Probably should have broken this week's stack into about 12 different items, seeing as how one of the docs is 178 pages (many redundant) just on flow control, which involves forcing all solid-waste collectors in the city to dump everything at the city's McCommas Bluff Landfill or other city transfer stations. It also includes building a so-called resource recovery facility, which, long story short, converts wastes to energy the city says it can sell. Marys Suhm and Nix are demanding the council vote on this proposal -- once a vague concept floated as a revenue-maker during tough budget times; now, for some reason, an urgent must-do -- at Wednesday's council meeting, and it looks as though the votes may be there.
Still: Mayor Mike's an undecided, so he says; the solid-wastes folks have pretty much said they'll sue the city over this; and some living, working and studying near the landfill think the idea kinda stinks despite the vague promise of a "Southeast Oak Cliff Investment Fund" worth no more than $1 million annually, per the separate ordinance on Wednesday's agenda. Last night, the council re-received every briefing ever given on the subject, as well as a new "fact book" with a happy ending (and a picture of Tennell Atkins's California field trip) that will surely result in a follow-up email from the National Solid Wastes Management Association that says it's all lies, a waste of taxpayers' money and bad for everyone and everything.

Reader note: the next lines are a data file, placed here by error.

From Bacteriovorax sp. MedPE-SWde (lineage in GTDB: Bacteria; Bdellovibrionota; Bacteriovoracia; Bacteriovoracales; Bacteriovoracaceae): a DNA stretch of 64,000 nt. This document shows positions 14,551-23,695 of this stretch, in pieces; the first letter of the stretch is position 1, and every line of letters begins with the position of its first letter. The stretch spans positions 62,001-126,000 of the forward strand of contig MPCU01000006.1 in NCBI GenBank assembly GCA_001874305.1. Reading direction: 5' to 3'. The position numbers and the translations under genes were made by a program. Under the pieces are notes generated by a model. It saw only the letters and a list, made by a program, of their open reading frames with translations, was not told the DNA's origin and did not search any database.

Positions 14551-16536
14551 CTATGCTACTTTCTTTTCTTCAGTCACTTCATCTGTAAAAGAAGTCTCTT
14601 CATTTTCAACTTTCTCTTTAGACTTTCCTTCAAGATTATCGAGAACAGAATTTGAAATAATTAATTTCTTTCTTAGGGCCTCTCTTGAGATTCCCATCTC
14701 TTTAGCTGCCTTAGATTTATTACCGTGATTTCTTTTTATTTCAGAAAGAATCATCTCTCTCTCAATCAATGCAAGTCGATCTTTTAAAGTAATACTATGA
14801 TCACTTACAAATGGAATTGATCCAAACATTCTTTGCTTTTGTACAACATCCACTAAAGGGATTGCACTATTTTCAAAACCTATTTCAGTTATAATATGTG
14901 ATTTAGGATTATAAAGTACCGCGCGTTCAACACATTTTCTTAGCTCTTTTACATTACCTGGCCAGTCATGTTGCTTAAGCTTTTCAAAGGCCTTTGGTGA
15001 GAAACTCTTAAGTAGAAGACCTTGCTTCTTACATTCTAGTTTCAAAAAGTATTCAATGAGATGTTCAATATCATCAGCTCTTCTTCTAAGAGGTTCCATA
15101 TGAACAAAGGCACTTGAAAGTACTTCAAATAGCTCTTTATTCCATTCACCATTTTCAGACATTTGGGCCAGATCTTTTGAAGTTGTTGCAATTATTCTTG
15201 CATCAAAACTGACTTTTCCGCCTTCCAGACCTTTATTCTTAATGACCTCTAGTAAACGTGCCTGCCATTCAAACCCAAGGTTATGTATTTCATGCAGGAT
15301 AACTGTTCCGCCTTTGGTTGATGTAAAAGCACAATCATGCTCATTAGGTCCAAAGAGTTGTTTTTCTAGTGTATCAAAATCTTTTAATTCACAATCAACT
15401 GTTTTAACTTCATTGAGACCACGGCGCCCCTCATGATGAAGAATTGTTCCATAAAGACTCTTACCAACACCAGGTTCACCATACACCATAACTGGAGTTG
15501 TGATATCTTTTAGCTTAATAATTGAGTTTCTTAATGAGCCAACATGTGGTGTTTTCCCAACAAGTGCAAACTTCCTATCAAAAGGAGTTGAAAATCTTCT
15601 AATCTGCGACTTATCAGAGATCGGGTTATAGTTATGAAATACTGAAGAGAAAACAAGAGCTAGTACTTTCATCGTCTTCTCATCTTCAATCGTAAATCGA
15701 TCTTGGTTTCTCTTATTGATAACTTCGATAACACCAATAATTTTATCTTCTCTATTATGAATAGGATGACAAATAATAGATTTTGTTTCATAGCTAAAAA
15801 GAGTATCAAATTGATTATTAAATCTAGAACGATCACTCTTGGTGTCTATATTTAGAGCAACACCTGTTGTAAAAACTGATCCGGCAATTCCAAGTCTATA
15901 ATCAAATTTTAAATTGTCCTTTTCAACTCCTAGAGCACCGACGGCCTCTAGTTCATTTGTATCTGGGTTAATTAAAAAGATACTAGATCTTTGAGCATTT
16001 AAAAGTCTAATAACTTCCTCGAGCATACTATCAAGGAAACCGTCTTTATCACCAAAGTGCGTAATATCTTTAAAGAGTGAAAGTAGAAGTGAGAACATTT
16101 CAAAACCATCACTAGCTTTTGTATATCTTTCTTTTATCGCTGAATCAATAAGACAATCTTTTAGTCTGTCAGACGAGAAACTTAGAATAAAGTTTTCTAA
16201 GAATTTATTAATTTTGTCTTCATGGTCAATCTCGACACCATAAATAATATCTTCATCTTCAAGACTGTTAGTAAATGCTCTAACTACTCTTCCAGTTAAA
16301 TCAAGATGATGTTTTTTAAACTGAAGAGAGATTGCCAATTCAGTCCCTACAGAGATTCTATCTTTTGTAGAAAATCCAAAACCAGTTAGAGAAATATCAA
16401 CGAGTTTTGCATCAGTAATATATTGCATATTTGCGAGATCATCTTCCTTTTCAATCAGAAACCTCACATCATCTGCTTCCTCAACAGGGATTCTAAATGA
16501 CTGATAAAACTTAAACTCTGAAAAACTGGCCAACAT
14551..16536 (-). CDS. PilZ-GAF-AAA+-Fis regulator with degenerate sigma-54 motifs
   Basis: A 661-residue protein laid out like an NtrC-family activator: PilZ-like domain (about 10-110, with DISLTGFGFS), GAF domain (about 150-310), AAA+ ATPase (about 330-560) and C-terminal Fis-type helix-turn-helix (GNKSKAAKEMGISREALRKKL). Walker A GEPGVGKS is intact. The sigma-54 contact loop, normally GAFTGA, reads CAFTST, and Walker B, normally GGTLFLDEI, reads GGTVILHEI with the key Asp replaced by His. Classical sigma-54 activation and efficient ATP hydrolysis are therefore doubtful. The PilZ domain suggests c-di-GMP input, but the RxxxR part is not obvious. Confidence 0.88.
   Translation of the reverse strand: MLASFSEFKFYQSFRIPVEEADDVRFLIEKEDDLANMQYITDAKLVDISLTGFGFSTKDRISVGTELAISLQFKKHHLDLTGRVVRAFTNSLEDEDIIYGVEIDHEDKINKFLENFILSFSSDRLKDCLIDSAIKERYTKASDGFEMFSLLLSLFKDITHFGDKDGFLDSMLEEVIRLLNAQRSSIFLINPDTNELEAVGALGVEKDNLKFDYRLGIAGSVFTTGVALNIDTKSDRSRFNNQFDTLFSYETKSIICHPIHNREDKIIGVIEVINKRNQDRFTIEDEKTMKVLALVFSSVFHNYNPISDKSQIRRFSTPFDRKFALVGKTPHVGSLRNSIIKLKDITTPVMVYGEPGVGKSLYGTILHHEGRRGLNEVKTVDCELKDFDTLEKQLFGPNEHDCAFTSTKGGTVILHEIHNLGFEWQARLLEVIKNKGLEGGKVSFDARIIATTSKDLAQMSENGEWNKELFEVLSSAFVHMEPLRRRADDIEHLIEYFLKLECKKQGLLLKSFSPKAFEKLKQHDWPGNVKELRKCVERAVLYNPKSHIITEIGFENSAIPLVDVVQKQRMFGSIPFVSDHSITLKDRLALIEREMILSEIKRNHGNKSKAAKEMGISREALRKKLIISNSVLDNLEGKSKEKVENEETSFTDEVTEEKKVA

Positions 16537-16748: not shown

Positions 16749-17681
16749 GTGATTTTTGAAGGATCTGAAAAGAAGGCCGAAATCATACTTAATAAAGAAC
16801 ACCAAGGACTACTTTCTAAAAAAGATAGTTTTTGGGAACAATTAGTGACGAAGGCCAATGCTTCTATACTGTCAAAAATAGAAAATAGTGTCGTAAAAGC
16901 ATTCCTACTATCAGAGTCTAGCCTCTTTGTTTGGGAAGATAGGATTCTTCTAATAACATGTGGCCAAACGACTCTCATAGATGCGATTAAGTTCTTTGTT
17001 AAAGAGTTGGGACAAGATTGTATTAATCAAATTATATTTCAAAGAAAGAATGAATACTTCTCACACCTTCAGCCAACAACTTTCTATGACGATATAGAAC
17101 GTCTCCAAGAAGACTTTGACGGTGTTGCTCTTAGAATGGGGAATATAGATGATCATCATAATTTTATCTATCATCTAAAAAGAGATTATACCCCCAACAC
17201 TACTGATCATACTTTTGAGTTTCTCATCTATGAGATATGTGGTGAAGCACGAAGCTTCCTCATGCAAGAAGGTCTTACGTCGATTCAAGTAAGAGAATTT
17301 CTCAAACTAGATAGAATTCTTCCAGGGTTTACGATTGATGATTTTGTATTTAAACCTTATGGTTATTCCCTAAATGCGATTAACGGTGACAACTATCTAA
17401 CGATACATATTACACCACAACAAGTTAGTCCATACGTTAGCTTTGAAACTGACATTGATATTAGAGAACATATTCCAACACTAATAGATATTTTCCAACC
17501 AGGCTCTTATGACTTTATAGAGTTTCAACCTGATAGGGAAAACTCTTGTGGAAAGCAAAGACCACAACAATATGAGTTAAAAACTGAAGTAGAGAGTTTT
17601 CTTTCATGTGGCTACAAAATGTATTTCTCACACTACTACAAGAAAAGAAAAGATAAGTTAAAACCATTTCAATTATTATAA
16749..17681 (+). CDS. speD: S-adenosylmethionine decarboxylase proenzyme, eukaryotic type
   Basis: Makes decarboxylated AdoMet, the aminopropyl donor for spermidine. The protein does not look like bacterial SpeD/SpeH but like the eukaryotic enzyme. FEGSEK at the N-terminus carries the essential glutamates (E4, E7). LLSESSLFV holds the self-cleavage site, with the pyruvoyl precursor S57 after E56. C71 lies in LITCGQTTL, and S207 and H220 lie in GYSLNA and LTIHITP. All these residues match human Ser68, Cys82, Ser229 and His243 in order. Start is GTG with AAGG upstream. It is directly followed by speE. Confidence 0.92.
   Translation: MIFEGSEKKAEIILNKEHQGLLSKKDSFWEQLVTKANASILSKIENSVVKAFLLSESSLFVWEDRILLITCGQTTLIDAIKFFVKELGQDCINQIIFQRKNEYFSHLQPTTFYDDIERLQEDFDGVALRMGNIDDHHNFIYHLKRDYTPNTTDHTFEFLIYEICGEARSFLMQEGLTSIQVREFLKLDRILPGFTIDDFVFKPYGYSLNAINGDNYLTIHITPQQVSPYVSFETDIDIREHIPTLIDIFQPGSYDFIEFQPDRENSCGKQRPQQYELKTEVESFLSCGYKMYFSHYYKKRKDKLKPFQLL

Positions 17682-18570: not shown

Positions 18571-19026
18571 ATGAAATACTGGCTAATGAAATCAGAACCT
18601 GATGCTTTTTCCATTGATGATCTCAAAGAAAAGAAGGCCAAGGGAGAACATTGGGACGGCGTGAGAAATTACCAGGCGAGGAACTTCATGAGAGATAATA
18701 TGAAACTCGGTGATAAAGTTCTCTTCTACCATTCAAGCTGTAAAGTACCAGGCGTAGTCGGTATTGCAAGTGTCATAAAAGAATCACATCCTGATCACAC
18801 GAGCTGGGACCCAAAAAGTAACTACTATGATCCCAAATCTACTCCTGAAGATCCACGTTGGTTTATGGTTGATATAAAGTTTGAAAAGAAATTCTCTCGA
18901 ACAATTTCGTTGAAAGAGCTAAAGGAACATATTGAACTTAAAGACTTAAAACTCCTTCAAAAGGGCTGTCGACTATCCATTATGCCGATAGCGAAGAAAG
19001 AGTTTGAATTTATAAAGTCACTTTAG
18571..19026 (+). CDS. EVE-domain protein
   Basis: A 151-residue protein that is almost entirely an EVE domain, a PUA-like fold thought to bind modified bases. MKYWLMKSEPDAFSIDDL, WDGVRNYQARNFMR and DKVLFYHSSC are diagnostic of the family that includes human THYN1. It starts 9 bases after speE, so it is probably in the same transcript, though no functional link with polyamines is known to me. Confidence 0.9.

But if trash talk doesn't do it for you, how about the green going brown on N. Central Expressway? That came up at council Monday -- the piss-poor job TxDOT's doing on removing and replacing the landscaping on 75, which becomes the city's responsibility next year. It's being done in phases and stages, with bridges next on the to-do list (TxDOT's looking for folks to "adopt" the bridges, including NorthPark Center, which won't return calls). Oh, and to answer Sandy Greyson's question, "Who is watering dead vegetation on Central Expressway?," that'd be a TxDOT contractor, who says it's not dead, but "new," promise.
There's also a memo from Interim Fire Chief Louis Bright III to Scott Griggs and Delia Jasso in which he tells the council members that parking one of the city's fire trucks is good for business, since it saves $2 million in staffing, fuel and maintenance. Echoing City Manager Mary Suhm, he says it's all about "improved efficiency."
So, jump already. Lots to see, even in the fine print. Like, for instance, did you know Dallas/Fort Worth Airport has paid Vinson & Elkins around $237,000 to fight off concessionaire Gilbert Aranza's lawsuit? Now you do.